Microsoft launched another assault on Lotus Notes last week. On Microsoft's Unified Communications Group Team Blog, Julia White, Senior Director, Exchange Product Management, spent the week writing about companies making the switch from Notes to Microsoft Exchange Server 2010. In White's first blog in the series, with the inflammatory title"Don't Be the Last Company on Notes,"
she makes it clear that the timing of this campaign was tied to the IBM Lotusphere conference, going on this week in Orlando, while "customers are evaluating what they can improve with their mail, messaging, and collaboration infrastructure."
Oh, and isn't it fun to see the ire this raises in the Notes community? Just check out the comments on the aforementioned blog to see what I mean. Whether you read White's message as pure spin or honest belief in the Exchange Server product, it's hard to argue with the fact that Exchange is the dominant messaging platform. And she's not the only one forecasting continued large uptake in Exchange 2010 in the coming year. Both
have recently made that a part of their predictions for 2011. In fact, Redmond dubbed this the "year of migration," although his point was about organizations upgrading from the nearing-end-of-support Exchange 2003.
At the fall Microsoft Exchange Connections show last November, email management vendor
surveyed Exchange and IT admins in attendance about their plans for the coming year, and the results also indicate heavy movement of organizations onto Exchange 2010. I spoke about the survey results with Mary Kay Roberto, who is Mimecast's senior vice president and general manager for North America. Roberto described Exchange Connections as "kind of like a user group meeting around Microsoft Exchange" because of the large number of Exchange-focused IT people in attendance. Mimecast decided to poll this audience to see where they were in their planning relative to Exchange 2010.
"There's still a fair amount of Exchange 2003 usage," Roberto said. "And I think the people who are on 2003 see a lot of benefits in moving to 2010." Because of the major architectural change and addition of database availability groups (DAGs) in Exchange 2010, it's probably no surprise that the largest benefit seen by people planning to migrate as well as those who had already migrated is the increased availability that DAGs provide. Also ranking high in the survey was easier administration, which is probably the result of more tasks being available in the GUI, rather than requiring PowerShell commands, and the addition of the web-based Exchange Control Panel (ECP).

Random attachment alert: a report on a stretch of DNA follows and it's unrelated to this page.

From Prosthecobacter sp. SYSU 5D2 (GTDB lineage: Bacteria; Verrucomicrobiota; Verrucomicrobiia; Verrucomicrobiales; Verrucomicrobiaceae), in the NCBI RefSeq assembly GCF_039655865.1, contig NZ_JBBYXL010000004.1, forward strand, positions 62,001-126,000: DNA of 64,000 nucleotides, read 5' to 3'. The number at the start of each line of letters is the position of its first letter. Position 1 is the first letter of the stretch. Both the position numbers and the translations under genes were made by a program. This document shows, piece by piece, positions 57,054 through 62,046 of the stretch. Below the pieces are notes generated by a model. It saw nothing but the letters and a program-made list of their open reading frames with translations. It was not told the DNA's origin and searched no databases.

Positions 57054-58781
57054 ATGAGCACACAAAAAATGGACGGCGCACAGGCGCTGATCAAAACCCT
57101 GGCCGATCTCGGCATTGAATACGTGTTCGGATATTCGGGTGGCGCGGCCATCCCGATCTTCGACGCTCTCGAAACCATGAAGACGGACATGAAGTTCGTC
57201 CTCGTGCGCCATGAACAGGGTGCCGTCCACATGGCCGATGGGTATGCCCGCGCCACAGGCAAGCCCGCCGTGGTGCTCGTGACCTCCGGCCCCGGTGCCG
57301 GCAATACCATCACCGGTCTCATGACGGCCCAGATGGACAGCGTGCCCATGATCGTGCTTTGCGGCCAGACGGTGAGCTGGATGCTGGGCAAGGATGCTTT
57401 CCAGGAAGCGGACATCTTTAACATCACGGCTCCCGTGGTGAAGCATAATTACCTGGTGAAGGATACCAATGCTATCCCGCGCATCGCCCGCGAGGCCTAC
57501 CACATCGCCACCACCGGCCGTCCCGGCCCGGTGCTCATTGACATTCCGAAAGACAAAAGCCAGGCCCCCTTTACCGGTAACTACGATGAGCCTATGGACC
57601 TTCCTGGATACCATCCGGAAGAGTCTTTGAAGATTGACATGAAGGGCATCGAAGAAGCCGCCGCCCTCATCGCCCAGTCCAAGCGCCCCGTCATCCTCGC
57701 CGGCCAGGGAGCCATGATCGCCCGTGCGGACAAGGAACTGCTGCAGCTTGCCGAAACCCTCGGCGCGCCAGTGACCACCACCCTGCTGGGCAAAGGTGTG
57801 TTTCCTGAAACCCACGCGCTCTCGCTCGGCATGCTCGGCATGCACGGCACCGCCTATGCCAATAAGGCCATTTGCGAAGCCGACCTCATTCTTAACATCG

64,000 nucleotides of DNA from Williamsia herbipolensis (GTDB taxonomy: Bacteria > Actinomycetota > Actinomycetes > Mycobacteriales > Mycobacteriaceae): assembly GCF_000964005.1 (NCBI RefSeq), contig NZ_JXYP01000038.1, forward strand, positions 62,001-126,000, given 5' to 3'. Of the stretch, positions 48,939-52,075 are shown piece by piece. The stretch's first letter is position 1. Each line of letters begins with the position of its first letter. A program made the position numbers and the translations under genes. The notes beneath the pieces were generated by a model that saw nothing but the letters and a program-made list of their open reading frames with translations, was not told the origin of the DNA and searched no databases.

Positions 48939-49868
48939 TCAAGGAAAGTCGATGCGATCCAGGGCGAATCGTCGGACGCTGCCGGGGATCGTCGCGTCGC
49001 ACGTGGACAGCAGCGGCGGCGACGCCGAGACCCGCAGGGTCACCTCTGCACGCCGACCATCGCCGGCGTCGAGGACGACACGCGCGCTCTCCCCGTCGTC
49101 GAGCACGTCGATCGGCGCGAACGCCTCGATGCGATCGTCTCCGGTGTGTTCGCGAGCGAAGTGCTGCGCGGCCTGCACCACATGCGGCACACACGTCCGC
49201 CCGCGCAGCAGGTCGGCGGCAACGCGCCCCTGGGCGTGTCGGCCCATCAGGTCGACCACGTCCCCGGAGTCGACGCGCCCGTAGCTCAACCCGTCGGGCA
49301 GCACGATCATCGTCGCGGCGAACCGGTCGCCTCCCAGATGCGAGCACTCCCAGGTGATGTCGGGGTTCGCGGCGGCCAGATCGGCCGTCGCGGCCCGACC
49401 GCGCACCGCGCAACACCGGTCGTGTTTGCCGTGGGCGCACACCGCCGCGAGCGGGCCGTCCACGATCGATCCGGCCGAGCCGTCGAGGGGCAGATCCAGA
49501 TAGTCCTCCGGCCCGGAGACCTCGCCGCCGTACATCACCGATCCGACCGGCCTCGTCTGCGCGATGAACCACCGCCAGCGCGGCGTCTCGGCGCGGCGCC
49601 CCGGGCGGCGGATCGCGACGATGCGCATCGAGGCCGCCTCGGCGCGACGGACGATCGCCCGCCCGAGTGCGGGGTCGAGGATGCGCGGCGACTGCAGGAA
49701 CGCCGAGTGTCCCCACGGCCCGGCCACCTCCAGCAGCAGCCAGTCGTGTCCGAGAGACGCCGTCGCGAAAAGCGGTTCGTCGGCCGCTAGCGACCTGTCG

The Mimecast survey also reported on what admins considered the greatest email challenges and what factors affected their decisions about upgrading to Exchange 2010. In addition to the survey, Mimecast representatives such as Roberto were on hand at the conference to discuss in more detail what organizations had planned. According to Roberto, one of the biggest surprises is that "spam and security is still such a dominant issue for organizations" when considering an upgrade because companies generally already have strong protection in place. You can
download the survey results from Mimecast's website
Unified Email Management
, which is a cloud-based continuity, security, and archiving service for on-premises Exchange deployments. This is a service you might want to consider if you're planning a migration. As Roberto said, "Any time you have to do a migration, the more data you've offloaded to an archive and you don't have to migrate is a good thing. But then the continuity factor around Mimecast gives you more flexibility when doing the move. So if there's an issue with availability during the migration at all, your users continue to receive and send email through the Mimecast system until the event has been resolved."
Whether you think it's all marketing hype or a significant movement in the real world, it seems a lot of businesses and IT admins will be looking at Exchange 2010 this year with an eye toward implementing it in their environments. If you're in that camp, I'd love to hear what reasons have led you to upgrade—or to stick with what you have. Are you looking at Microsoft's Office 365
or possibly another cloud service for your messaging needs? If you're engaged in an Exchange 2010 migration, let me know what your pain points are, or what challenges you had to overcome that you wished you'd heard about ahead of time. I'd love to share any feedback with others who might be in similar situations.